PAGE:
Yesterday I used the last check from our formerly joint checking account with Richard’s name on it. After he died of brain cancer last November, I scrambled around and shifted all of our accounts to my name only before the year ended.
But I didn’t bother ordering new checks. I’d use up the old ones first, I thought. About a month ago, that time came, and I didn’t think anything of it until I wrote the final check that included both our names.
I walked to the desk in a nook in the hall that holds our household stuff and rooted out book of checks. When I looked at it, I thought at first something was missing. The old checks had his name first, Richard Cabe, and then mine. The new ones just have my name. And then it hit me (again): he’s gone.
I don’t know why something so mundane would bring back my grief at losing the brilliant, vibrant man I lived with and loved for almost 29 years, but that did.
I pushed away from the dining table, a beautiful trestle-table he designed and febricated of plain black, cold-rolled steel with an “inlaid” middle of galvanized steel, and went outside. I walked through the kitchen garden and out into the wildflowers and native grasses in the front yard.
I sat on the porch and watched hummingbirds zip back and forth between the scarlet gilia flowers and the feeder. I listened to a distant rumble of thunder. I could smell rain on the air. The storm dissipated before any reached us, and its last gusts rang the temple bell in the kitchen garden. The sun came out.
And I realized that my grief was only partly about the loss of my beloved husband.
In the past three weeks, two friends have died of cancer: Elena Linthicum and Sharon Bode-Hempton. Both friendships date to our years in Las Cruces, where Richard was on the faculty at New Mexico State University, and I immersed myself in getting to know and writing about the Chihuahuan Desert. (Four of my twelve books are about the desert.)
Elena, a lawyer and mediator who retained the grace of the dancer she had been during her childhood years in France, was a member of the Saturday women’s breakfast group I belonged to there, a group who became friends, mentors, and confidantes–a true support group that continued even after many of us, Elena included, moved away.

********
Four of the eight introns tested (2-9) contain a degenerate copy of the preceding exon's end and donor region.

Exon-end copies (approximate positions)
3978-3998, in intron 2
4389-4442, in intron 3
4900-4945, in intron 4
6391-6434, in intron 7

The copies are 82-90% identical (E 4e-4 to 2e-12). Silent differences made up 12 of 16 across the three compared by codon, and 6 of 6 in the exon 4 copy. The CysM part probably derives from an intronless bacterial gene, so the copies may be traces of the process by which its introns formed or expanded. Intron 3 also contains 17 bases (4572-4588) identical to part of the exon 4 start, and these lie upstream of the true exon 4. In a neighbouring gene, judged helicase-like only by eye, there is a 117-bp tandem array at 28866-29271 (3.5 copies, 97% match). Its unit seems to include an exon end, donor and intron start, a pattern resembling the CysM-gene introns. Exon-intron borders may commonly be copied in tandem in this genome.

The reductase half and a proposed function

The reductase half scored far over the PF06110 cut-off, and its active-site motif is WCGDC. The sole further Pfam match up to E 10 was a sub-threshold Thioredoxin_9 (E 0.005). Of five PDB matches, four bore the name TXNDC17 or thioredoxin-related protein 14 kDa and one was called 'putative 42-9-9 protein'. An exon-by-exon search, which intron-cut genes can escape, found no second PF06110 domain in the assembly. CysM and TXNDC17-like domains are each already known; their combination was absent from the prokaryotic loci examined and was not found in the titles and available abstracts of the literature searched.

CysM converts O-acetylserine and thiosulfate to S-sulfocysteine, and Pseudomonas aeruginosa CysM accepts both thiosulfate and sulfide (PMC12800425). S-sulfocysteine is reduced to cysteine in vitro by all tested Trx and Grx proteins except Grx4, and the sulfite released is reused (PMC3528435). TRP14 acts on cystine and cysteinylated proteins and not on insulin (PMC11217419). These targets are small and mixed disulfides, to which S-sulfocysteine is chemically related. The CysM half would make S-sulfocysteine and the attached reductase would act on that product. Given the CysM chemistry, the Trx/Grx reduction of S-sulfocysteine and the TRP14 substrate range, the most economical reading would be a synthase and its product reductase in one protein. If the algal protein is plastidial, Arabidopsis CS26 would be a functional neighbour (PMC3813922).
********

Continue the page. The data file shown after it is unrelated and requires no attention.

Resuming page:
Sharon, an artist who was longtime Director of Museums for the City of Las Cruces, was one of those powerful, visionary women who tick some people off, and also change lives. I met her when I taught a desert class for the Museum of Natural History; she was a crucial supporter in the early years of the Border Book Festival, which author and playwright Denise Chávez and I co-founded.
Elena and Sharon were very different people. But both were 69 years old, both died of cancer, and both were married to the loves of their lives, wonderful, creative men who cared for each to the end.
I wiped my eyes, went back into the house, and finished paying the bills. As I entered the amounts in the computer, I thought about how lucky I am. Not in a pollyannish way, mind you. Losing Richard sucks.
Lucky in that he is not entirely gone, and never will be. His work and spirit live on. This house, which he helped design and build, is full of his sculpture, from the bathroom sink carved from a gneiss boulder picked up on the roadside to the maquettes for large works sitting on the living room window sill.
Still, he’s not physically here, dammit.
Which is why I’m paying the bills and keeping accounts and tending the garden and managing the renovation of the shop and weeding the park and making meals and cleaning the house and going to bed exhausted–by myself. It’s why I’m Woman Alone, struggling to learn a sustainable rhythm for a life that intertwined with my love’s for so long.
I feel the loss of both Elena and Sharon keenly, I also feel for their spouses, as they each walk on alone in this journey of life.
Bless you, Angelojohn Chianese and Carl Coker. My heart goes out to you both.